In the age of Instagram, it may be hard for many to grasp that others might still treasure their privacy, to the point of actually loathing the camera. Beniamino Barrese’s first feature is an interesting exercise in cinema-as-weapon, even if it probably wasn’t originally intended as such. The director is a photographer whose mother, Benedetta Barzini, was an early supermodel, her face all over magazine covers in the 1960s. Today she abhors the invasiveness of being reduced to an image — yet her son keeps sticking that lens in her face.
“The Disappearance of My Mother” is a successful piece of documentary filmmaking inasmuch as it’s entertaining and dextrously crafted. But its precise intent is unclear. Seldom has a movie’s subject so frequently told its creator to f— off. As far as we can tell, she’s right to do so; surely there’s a point at which familial love is more important than badgering a loved one “for art’s sake.” Yet that’s the line Barrese keeps crossing, without ever quite revealing what goal might justify a process that practically amounts to elder abuse.
Happy to escape a fatherless home and wealth-obsessed mother, Italian teen Barzini was “discovered” in 1963, quickly rising to international success. We see her posing in couture fashions of the era, hanging out with such A-list patrons as Andy Warhol and Richard Avedon. But she became disillusioned, the Women’s Liberation movement opening her eyes to feminist (and Marxist) principles in direct opposition to her professional world of consumerist glamour. She now teaches fashion students, training them not in sales or design but in parsing those industries’ objectification of women. She dresses down to accept a local award and hates being recognized as a celebrity. It’s her dream to disappear onto an island so remote that computers, telephones — and those dreaded cameras — cannot reach it.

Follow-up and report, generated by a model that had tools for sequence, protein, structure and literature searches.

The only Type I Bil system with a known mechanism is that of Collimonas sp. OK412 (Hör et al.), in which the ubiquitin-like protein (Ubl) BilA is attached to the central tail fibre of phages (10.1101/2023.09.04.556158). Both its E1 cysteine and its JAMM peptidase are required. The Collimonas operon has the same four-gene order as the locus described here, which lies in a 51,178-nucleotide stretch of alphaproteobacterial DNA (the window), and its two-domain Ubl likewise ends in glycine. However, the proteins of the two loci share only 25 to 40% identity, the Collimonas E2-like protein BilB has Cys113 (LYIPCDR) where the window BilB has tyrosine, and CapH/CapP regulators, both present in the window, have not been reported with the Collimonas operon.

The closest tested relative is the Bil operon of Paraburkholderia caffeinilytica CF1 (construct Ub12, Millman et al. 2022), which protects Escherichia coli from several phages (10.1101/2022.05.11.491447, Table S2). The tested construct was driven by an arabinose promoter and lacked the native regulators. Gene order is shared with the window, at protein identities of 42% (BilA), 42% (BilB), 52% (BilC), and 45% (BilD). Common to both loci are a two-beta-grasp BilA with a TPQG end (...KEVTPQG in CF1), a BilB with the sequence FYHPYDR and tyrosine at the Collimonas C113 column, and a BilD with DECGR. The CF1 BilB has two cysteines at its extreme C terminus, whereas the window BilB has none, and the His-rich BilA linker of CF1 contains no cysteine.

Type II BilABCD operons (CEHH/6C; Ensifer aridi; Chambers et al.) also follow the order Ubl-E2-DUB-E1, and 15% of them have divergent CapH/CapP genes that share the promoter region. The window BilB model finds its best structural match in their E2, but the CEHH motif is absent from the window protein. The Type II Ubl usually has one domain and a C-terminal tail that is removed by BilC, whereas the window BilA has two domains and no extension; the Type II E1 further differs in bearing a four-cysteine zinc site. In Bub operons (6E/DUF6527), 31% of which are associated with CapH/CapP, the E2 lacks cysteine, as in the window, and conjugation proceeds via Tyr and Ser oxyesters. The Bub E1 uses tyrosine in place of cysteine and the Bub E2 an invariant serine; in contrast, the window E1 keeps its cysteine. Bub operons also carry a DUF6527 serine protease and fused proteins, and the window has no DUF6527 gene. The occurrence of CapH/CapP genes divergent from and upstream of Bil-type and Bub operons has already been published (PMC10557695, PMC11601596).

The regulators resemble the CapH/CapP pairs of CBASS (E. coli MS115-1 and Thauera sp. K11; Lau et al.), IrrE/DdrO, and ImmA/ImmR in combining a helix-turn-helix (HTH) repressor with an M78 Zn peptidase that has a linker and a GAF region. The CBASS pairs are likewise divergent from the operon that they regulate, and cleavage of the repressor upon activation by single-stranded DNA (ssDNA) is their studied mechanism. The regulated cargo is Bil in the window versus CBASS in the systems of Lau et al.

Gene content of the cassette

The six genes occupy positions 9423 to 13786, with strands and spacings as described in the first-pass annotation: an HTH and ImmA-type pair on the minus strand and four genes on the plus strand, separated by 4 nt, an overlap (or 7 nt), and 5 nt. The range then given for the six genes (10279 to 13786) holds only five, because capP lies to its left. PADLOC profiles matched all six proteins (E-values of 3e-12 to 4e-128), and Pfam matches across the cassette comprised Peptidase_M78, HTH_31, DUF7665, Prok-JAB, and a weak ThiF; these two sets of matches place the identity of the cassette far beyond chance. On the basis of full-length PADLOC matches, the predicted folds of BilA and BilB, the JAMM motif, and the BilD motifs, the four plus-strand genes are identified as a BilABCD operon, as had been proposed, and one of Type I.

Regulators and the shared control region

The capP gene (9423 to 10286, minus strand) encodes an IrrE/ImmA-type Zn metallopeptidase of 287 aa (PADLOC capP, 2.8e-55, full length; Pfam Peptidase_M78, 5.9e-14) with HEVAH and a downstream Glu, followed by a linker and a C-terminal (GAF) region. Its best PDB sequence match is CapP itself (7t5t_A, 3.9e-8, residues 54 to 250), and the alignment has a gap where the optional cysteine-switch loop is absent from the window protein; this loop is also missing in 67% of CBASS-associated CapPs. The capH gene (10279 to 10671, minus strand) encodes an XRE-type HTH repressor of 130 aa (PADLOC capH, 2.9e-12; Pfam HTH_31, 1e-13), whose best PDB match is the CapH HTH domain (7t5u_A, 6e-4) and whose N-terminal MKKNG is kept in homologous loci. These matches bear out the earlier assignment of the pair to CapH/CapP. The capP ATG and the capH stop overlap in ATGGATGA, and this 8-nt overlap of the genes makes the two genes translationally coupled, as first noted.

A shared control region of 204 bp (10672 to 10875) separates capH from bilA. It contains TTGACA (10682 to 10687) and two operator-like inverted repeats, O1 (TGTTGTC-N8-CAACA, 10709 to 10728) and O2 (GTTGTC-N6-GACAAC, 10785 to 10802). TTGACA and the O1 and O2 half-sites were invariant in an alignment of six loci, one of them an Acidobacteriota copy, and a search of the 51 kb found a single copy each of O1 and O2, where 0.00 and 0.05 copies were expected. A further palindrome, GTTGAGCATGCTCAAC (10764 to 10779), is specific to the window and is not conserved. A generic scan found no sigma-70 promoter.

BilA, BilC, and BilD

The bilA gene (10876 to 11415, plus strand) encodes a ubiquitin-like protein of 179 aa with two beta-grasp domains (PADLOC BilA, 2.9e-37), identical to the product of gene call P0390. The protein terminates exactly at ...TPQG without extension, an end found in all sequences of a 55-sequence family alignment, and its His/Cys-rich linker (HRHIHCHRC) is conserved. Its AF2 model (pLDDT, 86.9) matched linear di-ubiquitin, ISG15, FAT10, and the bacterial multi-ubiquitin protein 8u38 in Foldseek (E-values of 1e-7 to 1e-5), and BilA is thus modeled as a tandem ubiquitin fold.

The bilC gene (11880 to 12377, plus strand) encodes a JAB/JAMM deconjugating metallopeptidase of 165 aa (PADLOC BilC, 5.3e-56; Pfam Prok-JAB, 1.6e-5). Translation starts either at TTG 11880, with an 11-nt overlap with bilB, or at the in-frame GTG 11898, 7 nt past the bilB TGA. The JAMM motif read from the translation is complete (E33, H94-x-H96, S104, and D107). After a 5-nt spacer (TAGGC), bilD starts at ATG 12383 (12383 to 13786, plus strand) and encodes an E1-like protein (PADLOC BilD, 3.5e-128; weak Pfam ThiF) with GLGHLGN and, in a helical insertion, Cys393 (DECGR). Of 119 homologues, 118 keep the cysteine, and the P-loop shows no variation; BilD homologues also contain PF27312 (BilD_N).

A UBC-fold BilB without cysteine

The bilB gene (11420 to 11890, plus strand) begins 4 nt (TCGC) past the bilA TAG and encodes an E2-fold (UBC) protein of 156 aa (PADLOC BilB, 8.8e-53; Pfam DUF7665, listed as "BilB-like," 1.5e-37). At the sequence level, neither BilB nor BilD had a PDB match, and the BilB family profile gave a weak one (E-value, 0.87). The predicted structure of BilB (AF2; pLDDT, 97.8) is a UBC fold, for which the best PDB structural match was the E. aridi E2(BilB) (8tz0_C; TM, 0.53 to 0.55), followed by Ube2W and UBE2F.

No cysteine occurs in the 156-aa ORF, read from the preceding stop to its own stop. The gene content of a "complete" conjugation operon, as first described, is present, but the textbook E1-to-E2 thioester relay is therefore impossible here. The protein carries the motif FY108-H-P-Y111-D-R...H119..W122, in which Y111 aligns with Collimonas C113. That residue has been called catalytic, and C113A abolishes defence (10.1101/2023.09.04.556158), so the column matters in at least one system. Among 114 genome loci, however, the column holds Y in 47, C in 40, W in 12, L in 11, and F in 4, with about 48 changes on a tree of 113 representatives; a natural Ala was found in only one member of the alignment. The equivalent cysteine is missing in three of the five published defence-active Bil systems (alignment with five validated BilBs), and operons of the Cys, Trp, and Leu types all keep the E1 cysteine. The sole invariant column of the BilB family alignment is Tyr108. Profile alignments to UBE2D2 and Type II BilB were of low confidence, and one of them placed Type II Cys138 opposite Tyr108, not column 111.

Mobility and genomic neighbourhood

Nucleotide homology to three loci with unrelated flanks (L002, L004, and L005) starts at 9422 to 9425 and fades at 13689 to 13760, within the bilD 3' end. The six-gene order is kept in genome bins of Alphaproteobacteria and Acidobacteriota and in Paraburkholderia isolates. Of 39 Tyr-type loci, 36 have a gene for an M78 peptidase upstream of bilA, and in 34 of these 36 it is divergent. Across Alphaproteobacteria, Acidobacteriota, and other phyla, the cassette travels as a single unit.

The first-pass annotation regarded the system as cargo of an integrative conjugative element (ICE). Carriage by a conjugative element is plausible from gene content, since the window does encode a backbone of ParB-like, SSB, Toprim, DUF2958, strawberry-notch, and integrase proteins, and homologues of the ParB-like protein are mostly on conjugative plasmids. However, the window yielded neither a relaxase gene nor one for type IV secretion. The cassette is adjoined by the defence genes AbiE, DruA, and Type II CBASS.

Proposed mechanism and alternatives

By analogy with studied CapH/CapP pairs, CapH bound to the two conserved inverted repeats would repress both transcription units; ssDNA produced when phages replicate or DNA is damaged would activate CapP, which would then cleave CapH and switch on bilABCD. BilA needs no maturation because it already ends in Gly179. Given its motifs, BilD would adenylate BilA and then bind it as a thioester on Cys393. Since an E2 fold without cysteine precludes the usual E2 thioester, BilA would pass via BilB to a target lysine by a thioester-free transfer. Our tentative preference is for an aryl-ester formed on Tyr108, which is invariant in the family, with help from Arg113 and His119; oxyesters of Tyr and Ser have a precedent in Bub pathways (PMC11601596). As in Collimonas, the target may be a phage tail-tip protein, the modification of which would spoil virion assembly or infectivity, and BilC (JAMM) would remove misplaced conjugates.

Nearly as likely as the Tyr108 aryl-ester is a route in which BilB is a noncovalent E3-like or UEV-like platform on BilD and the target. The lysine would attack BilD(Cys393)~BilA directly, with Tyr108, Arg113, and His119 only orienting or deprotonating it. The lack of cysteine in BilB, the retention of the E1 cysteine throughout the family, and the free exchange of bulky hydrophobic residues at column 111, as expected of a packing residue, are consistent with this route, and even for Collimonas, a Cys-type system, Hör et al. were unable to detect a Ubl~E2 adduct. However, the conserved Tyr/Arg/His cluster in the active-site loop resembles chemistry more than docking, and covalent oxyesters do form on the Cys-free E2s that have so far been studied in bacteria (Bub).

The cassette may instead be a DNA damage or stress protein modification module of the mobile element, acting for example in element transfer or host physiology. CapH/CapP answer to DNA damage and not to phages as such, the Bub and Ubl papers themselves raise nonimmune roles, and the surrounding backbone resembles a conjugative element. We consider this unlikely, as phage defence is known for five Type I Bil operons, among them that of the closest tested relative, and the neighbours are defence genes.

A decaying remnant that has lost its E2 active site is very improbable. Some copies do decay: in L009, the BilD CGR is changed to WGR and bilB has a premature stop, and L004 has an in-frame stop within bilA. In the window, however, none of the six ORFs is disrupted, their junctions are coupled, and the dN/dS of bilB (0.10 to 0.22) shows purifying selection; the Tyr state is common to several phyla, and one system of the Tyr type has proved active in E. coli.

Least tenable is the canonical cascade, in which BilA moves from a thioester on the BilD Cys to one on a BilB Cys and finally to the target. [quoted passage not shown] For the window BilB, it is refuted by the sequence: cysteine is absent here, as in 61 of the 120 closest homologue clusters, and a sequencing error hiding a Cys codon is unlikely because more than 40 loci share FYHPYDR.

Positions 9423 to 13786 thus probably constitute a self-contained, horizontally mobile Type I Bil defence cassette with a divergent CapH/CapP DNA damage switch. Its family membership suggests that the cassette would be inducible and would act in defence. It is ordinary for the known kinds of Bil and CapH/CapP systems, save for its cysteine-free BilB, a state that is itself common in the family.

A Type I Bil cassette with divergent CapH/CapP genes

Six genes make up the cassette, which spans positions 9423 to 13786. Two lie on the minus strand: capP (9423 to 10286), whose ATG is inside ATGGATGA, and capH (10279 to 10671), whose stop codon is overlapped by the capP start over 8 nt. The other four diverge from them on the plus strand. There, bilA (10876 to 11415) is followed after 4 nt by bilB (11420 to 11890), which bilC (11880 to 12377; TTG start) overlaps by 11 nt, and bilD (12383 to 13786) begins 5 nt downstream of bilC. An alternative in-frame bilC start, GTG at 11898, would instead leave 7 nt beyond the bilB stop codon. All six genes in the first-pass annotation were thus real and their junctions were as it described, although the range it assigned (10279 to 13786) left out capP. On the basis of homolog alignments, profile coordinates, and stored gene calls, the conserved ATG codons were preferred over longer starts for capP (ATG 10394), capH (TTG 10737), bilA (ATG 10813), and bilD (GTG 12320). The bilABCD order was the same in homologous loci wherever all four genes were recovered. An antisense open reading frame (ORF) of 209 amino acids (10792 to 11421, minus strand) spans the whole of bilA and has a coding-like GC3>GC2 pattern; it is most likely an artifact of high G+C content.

How seriously are we to take this desire? It’s hard to know. On the one hand, Barzini appears to be downsizing her cluttered habitat for some kind of departure. On the other, some alleged leave-taking scenes appear to be staged. Indeed, she’s often being directed by her son, which only heightens her exasperation at participating in a project she deems false and unnecessary. Barrese films her when she’s cooking, sleeping, waking or, for the first time in decades, seeing ex-model friend Lauren Hutton — who also berates Barrese’s insensitivity.
All this would make sense if the director were wearing his mother down in pursuit of some buried family secret, emotional hangup, or some other difficult personal issue. But we learn little about Barzini that’s not conveyed by either the beauty of her iconic modeling images or the understandable crankiness of her old age. Did she have other children? Spouses? Yes, and yes. But you won’t learn those basics from this film. It’s also never explained why we see her participating in London Fashion Week and a seaside fashion shoot, exactly the sorts of things she claims to have gratefully left behind nearly half a century ago. Does she need the money?
Reflecting Barrese’s own prior work in commercials, fashion promos, music videos and the like, “Disappearance” is highly worked in packaging terms. It’s a complex if skin-deep collage of different aspect ratios, black-and-white and color, vérité and archival footage, dramatic re-creations (several model-actresses perform the role of his mother’s younger self), arresting soundtrack choices and other sophisticated aesthetic contrasts.
Forever protesting yet complying out of maternal duty, Barzini gives as good as she gets. She’s a strong character, so there’s little worry she’ll be scarred by the experience. Stimulating as it is on the surface, “Disappearance” may be truly useful only in the context of a Documentary Ethics 101 course. It’s a blunt illustration of an elemental principle: Filmmaker, do not abuse thy subjects.